Tuesday, July 27 2021
14:00 - 15:00

IMSc Webinar

Contact-mediated signaling in developmental pattern formation

K A Chandrashekar

IMSc, Chennai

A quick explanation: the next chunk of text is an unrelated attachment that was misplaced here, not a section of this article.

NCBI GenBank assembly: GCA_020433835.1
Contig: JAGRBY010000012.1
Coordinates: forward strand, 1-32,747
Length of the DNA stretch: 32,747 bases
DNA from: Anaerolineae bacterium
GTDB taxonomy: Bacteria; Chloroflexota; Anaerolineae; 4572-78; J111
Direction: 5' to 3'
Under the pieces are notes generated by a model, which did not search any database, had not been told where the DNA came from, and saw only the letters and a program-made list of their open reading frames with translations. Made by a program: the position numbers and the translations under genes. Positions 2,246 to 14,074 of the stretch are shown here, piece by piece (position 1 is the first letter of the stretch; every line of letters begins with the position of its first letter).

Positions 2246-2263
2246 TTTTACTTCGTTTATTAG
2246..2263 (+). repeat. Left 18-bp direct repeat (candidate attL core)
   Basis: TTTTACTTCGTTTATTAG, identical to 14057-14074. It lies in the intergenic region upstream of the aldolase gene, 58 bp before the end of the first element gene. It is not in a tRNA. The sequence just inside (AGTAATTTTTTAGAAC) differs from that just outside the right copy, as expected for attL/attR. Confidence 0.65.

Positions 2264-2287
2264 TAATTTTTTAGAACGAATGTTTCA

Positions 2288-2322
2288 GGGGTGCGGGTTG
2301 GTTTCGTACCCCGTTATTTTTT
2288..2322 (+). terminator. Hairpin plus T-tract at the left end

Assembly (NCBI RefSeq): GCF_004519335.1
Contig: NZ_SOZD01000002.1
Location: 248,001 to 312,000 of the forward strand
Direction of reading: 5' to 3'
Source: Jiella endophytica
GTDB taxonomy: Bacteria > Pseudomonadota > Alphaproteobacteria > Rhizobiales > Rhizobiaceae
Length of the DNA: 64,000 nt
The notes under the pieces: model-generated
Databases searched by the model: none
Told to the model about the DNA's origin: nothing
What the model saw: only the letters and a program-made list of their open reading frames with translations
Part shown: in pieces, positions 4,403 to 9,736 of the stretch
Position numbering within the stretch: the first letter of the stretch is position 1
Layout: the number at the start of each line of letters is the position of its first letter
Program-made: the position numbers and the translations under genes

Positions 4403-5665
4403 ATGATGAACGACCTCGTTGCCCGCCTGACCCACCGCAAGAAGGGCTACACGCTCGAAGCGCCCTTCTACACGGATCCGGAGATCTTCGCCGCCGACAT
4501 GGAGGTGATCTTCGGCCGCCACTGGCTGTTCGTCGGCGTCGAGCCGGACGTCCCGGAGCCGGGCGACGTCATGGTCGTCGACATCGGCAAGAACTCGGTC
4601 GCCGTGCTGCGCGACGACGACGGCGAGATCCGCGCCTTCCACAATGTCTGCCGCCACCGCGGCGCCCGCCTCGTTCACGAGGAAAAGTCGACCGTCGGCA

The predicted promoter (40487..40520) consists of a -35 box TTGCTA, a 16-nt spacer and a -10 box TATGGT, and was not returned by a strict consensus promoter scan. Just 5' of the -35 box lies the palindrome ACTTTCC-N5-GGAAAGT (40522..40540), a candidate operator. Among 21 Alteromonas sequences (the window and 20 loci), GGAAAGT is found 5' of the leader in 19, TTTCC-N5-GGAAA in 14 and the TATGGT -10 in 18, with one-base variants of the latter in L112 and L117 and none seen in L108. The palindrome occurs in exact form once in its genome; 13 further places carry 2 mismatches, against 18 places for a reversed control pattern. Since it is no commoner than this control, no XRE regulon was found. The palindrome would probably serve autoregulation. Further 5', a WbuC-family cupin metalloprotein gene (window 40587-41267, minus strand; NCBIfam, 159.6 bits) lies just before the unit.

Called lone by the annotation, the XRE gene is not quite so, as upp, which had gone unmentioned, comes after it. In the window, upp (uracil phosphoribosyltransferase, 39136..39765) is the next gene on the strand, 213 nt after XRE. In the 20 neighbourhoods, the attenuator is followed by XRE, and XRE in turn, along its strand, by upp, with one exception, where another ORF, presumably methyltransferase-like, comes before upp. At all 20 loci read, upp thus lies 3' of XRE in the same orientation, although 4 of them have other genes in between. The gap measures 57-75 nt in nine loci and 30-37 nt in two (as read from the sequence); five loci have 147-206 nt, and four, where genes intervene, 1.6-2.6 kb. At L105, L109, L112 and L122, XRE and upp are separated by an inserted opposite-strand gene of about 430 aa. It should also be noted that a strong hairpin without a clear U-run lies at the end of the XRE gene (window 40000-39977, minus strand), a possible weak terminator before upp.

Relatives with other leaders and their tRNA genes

Development of an organism from the embryonic stage involves a number of precisely timed events that arise as a result of interactions between several components including (i) morphogens which set up concentration gradients, (ii) cell-cycle oscillators which regulate mitosis and (iii) inter-cellular communication. While the role of morphogens has received enormous attention in developmental contexts, it is now becoming clear that juxtacrine signaling, which occurs between cells in physical proximity, can also play a key role in shaping the outcomes of such processes. The aim of the PhD thesis, for which this is a pre-synopsis submission talk, is to investigate the precise mechanism by which contact-mediated signaling affects specific developmental phenomena. In particular, the Notch receptor-Delta ligand communication between neighboring cells is shown to play a hitherto unexpected role in the ``French Flag'' paradigm, which describes how a morphogen concentration gradient can dictate different cell fates in a position-dependent manner. This is followed by showing that the same inter-cellular communication mechanism can change the collective behavior of oscillatory gene expression (involving so-called ``clock genes'') thereby reproducing all the empirically observed dynamical transitions in somitogenesis, a fundamental developmental process in all vertebrates. Finally, it is shown that coupling cell-cycle oscillators in a tissue via contact-induced signals can lead to arrest of further growth of an organ once it reaches an appropriate size. It is shown that the changing geometry of cellular packing over the course of development results in altering the intensity of the contact-induced signal, a mechanism that when impaired can lead to developmental pathologies including cancer.

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